Georges Braque - The birth of Cubism, graphic masterpieces
from October 10th to November 20th
Via Santa Marta 6, Milan
"It's necessary to always have two ideas: one to destroy the other. To defend an idea is to assume an attitude." G. Braque
Georges Braque, painter and French sculptor, is together with Picasso the artist that began the cubistic movement. He was born the 13 May 1882 in Argenteuil in a family of artists, child of Augustine Johannet and Charles Braque. In 1899 he leaves the high school and works as apprentice by his father and then by a friend decorator. In 1902 he moves to Montmartre rue Lepic and he enters the Académie Humbert of Boulevard de Rochechouar. In the meantime, he studies the impressionists at the Museum of Luxemburg, where works of Gustave Caillebotte are found and he opens a studio in Rue of Orsel.
In the winter between 1905 and the 1906 Georges begins to paint according to the techniques of the fauveses, accomplice the influence of the art of Henri Matisse: he decides to use bright colors, but above all not to abdicate the liberty of the composition.
In 1907 Braque has the opportunity to visit the retrospective devoted to Paul Cézanne prepared on the occasion of the Salon of Automne: in this circumstance he has the opportunity to come into contact with Pablo Picasso, that is realizing "Les demoiselles of Avignon." Such meeting influences him deeply, so much so that he is induced to interest himself to primitive art.
Eliminating artifices as chiaroscuro and perspective, in his following works Georges Braque reduces the palette using only the tonalities of the brown and the green exploiting the geometric volumes.
Between 1909 and 1914 the progress in the plastic art of Braque and Picasso were favorite from a profitable friendship. From this stimulating match a new vision of the pictorial space was born, that introduces dismembered objects and facets: it is the phase of the so-called analytical cubism. In the strain to represent complex volumes for represent them in every facet, the canvas of Braque nearly became unreadable, in spite of the abstraction that he so much had refused. For this, in the autumn of 1911, he introduced in his pictures recognizable marks such as letters and printed numbers and, the following year, he experimented the technique of the collage that allowed him to create a synthesis of different elements to describe with clarity an object through the dissociation of forms and colors. The profitable collaboration between Braque and Picasso stopped in 1914, when Braque had to take part in the war and for this he is forced to interrupt the collaboration with Picasso. After having been wounded during the First World war, he takes back to work but in autonomous way, opting for the development of a personal style, countersigned by vivacious colors.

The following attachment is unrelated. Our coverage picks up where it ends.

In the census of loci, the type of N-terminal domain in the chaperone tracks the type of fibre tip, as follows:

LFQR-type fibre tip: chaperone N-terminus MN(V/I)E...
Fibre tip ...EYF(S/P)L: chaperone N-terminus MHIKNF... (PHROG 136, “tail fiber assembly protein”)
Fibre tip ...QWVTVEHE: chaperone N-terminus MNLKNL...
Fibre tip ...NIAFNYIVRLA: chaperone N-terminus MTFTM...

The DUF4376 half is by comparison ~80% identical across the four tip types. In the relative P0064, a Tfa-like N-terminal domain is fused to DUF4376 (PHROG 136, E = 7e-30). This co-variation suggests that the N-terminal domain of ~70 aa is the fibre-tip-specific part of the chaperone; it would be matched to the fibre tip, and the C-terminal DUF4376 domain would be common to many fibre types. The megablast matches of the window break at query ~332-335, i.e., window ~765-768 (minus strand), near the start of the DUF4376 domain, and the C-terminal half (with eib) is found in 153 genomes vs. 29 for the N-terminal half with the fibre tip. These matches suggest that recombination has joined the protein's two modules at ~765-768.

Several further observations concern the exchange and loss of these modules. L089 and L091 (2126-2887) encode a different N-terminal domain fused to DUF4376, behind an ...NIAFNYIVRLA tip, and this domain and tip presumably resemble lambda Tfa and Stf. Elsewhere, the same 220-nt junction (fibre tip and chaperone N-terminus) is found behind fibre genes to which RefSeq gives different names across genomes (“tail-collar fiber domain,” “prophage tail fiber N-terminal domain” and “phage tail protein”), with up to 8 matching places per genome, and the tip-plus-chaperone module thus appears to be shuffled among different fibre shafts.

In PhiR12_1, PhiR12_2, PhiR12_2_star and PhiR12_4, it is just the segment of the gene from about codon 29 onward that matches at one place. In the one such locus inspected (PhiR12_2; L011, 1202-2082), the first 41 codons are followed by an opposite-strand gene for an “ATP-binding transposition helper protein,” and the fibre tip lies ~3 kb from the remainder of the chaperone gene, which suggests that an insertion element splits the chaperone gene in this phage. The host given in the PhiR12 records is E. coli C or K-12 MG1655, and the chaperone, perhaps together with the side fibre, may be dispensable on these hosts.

In these years he also deals with some decorative jobs: in 1948 he did the sculpture of the door of the tabernacle of the church of Assy, while at the beginning of the '50s he did the decoration of the ceiling of the etrusca room of the museum of the Louvre, in Paris.
Georges Braque dies the 31 August 1963 in Paris.